- CBN Will no Longer Provide Forex for Importers of Cassava Products
The Central Bank of Nigeria (CBN) on Thursday said it will no longer provide foreign exchange for the importation of cassava and its derivatives.
Mr Godwin Emefiele, the Governor, CBN, disclosed this during a meeting with state governors at the bank’s headquarters in Abuja.
According to the CBN, Nigeria spends over $600 million on cassava derivatives each year.
He said, “The country imports cassava derivatives of over $600m per year and we have also begun to restrict foreign exchange to those who want to import cassava, starch, ethanol and all other derivatives into Nigeria.”
“The cassava initiative of the bank is to improve productivity, stabilise prices and encourage local processing to generate employment.
“To improve the cassava seed productivity, the bank is collaborating with the International Institute for Tropical Agriculture on the production and supply of cassava cultivars that can increase yield up to 40 tonnes.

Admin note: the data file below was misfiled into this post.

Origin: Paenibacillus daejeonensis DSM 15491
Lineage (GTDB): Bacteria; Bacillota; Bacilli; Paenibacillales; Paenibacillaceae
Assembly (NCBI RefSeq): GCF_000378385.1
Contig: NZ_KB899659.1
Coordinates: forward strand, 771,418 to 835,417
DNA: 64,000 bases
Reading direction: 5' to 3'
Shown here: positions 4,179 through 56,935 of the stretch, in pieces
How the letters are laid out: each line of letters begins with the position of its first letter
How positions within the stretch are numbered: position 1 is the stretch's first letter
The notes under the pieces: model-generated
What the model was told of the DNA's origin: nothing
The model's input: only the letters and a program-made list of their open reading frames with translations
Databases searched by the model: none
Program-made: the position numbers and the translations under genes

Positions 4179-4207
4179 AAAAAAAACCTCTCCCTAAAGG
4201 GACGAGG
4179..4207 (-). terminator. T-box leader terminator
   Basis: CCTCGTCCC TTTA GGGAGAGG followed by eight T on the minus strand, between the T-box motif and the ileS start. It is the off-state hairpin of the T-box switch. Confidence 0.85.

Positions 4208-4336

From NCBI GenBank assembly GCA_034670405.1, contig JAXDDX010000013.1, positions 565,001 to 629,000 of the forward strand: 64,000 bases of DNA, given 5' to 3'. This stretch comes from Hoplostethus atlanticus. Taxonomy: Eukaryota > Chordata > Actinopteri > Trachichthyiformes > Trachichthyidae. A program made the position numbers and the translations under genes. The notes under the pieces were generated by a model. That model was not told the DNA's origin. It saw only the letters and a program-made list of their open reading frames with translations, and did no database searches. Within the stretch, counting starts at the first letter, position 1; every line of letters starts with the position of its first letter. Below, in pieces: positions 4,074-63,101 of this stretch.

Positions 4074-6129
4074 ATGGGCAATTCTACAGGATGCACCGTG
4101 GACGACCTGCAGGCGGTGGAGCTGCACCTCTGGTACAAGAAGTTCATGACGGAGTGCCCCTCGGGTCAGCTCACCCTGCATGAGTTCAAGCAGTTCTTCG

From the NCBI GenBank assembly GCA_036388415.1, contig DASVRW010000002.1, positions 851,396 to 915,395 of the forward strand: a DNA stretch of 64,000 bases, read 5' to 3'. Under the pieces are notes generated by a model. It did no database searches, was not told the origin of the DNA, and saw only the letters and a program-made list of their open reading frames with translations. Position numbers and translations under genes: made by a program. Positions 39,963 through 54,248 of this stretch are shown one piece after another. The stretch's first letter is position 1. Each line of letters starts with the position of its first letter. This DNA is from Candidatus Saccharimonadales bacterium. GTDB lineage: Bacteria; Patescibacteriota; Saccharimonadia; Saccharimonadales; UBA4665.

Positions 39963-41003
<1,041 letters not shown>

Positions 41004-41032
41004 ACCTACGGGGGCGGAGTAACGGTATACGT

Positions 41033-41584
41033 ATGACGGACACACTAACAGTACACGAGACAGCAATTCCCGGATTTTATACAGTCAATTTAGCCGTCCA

“Arrangements are underway to support 51,388 farmers to produce 830,820 metric tonnes of cassava tubers for some identified processors.”
This move, he explained would create more economic opportunities, foster real growth and enhance revenue generation.
In the meeting were governors from Borno, Lagos, Ekiti, Imo, Jigawa, Anambra, Adamawa, Benue, Sokoto, Katsina, Gombe, Bauchi, Zamfara, Edo, Benue, Ogun, Kebbi, Kaduna, Edo and Bauchi.
The CBN said the meeting was necessary to get the cooperation of the governors in the area of economic diversification and new job creation.
He said President Muhammadu Buhari had directed the apex bank to boost production of 10 key commodities.
He listed them as rice, cotton, oil palm, tomato, cassava, poultry, fish, maize, cocoa and livestock/dairy.
While the apex bank said it has made substantial progress in the last few months, it also recognise the significance of governors to its actualisation.
In an effort to stimulate local production and enhance job creation, the central bank continues to restrict more importers of goods that could be produced locally from accessing forex exchange at the official rate.
Again, while the move will help stimulate local production and increase job creation, it will also help ease pressure on the weak foreign reserves that plunged from about $45 billion in June to $42.8 billion in September.
This will help the central bank sustain its forex intervention program, support the Naira and ensure dollar liquidity.